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Big Games Before Big Games


On paper, the U.S. schedule this summer is daunting. Opening with a game against one of the rising teams in Europe in Belgium, taking on No. 2-ranked Germany and then focusing on the three critical World Cup qualifiers. With so much on the line, could it seem a bit too much?

According to the players, it’s precisely what they need.

“It’s great,” said DaMarcus Beasley, who earned his 100th cap Wednesday night against Belgium. “Players want to play these types of games. We want to test ourselves against the best in the world and we have no fear going into these games. Obviously we want the result to go our way more times than not, but we learn from it.”

While clearly the focus has to be on getting results in World Cup qualifying, scheduling opponents also has to be about the bigger picture. In order to be ready to compete with the best teams in the world when Brazil rolls around, you have to test yourself.

It was done last year when the U.S. beat four-time World Cup champion Italy in Genoa, tied Mexico in Azteca and then drew with the ninth-ranked Russians on their home soil. U.S. goalkeeper Tim Howard sees the value and the potential reward.

“I think that’s the design, to kind of keep challenging ourselves,” Howard said. “When you challenge yourself at this level, you run the risk of doing things you wish you didn’t do a few times. I think it is better than playing a team that we can dominate and is kind of a cakewalk for us. I think these games are probably better, and will serve us better in the long run.”

It’s not the first time the U.S. has faced big opponents in advance of World Cup qualifiers. In 2005, the U.S. hosted England on May 28 in Chicago and lost 2-1, then went on to post consecutive 3-0 wins against Costa Rica and Panama.

The 2008 campaign was even more outsized, the U.S. losing on the road against England (2-0) and Spain (1-0) before drawing 0-0 against Argentina and then kicking off qualifying for South Africa.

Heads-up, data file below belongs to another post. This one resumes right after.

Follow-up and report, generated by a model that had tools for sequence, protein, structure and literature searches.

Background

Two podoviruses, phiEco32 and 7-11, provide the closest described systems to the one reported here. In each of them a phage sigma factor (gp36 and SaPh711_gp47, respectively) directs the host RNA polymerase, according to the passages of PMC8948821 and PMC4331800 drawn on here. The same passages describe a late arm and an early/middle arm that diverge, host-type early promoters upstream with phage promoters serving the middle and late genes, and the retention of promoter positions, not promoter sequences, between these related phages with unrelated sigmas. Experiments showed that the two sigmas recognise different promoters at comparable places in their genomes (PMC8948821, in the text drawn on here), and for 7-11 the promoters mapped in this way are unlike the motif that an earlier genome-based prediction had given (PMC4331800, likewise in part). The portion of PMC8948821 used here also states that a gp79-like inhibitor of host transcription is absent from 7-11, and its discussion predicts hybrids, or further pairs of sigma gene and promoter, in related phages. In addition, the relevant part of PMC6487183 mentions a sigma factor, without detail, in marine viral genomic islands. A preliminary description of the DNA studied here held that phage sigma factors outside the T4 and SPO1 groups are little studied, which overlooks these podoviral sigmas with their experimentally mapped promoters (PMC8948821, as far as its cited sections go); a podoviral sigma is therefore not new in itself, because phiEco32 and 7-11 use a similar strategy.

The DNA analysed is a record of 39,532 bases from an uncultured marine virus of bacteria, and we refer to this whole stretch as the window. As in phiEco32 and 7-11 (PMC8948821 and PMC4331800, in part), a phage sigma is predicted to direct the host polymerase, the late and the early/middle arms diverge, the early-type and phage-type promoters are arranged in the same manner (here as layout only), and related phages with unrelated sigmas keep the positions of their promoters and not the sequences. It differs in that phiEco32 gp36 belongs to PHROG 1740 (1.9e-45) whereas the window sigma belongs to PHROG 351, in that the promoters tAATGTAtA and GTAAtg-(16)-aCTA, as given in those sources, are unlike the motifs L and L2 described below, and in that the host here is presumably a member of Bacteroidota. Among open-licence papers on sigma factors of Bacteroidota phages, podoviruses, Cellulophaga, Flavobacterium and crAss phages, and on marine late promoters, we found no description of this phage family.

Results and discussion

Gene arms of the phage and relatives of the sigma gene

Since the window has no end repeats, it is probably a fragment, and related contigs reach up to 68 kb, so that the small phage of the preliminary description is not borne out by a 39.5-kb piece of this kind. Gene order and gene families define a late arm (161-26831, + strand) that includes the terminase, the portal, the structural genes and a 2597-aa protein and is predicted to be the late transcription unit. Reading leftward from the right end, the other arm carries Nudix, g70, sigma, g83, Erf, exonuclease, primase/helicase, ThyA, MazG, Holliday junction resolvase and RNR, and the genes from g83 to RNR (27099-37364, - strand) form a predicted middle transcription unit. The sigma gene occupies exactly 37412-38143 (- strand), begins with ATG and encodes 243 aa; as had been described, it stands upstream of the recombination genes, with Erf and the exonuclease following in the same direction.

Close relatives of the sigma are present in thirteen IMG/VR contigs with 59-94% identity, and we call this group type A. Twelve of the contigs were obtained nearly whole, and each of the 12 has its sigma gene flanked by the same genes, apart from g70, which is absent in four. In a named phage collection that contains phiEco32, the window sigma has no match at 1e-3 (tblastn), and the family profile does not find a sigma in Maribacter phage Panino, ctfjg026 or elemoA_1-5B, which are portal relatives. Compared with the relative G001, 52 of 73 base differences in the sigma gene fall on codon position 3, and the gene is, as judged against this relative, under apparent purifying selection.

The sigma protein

And of course in 2012, the U.S. had another five-game set that included a 4-1 loss to Brazil. From there, the U.S. took four points from a home win and then a 1-1 draw in Guatemala.

For U.S. head coach Jurgen Klinsmann, the games offer a big opportunity to learn, revealing areas where a team needs to improve, something you might not get from games against weaker opponents.

“There’s a lot we can learn from these opponents,” he said. “This is why we play teams like Belgium, like Germany, like Russia or like Italy because there’s so much that you can read from those games. Obviously you want to win them and when you lose them it’s not such a big pleasure, but I’d rather play Belgium 10 more times than El Salvador 100 times because that’s where you learn.”

While playing against top competition also comes with the risk of bad results, Klinsmann believes the players are well equipped to handle the lessons and move forward, and to keep their eye on the bigger prize.

“Those are games that you need to play. There is no player that is going to have sleepless nights over the next couple days [after a friendly loss]. They understand why certain things happen and then you can correct it. I don’t think that confidence comes into play there. Every day’s work on the training field, going through certain elements and principles, help us build toward Jamaica. We want to make sure there is a better flow and a better understanding on the field and better communication for when the games come that we badly need to win.”

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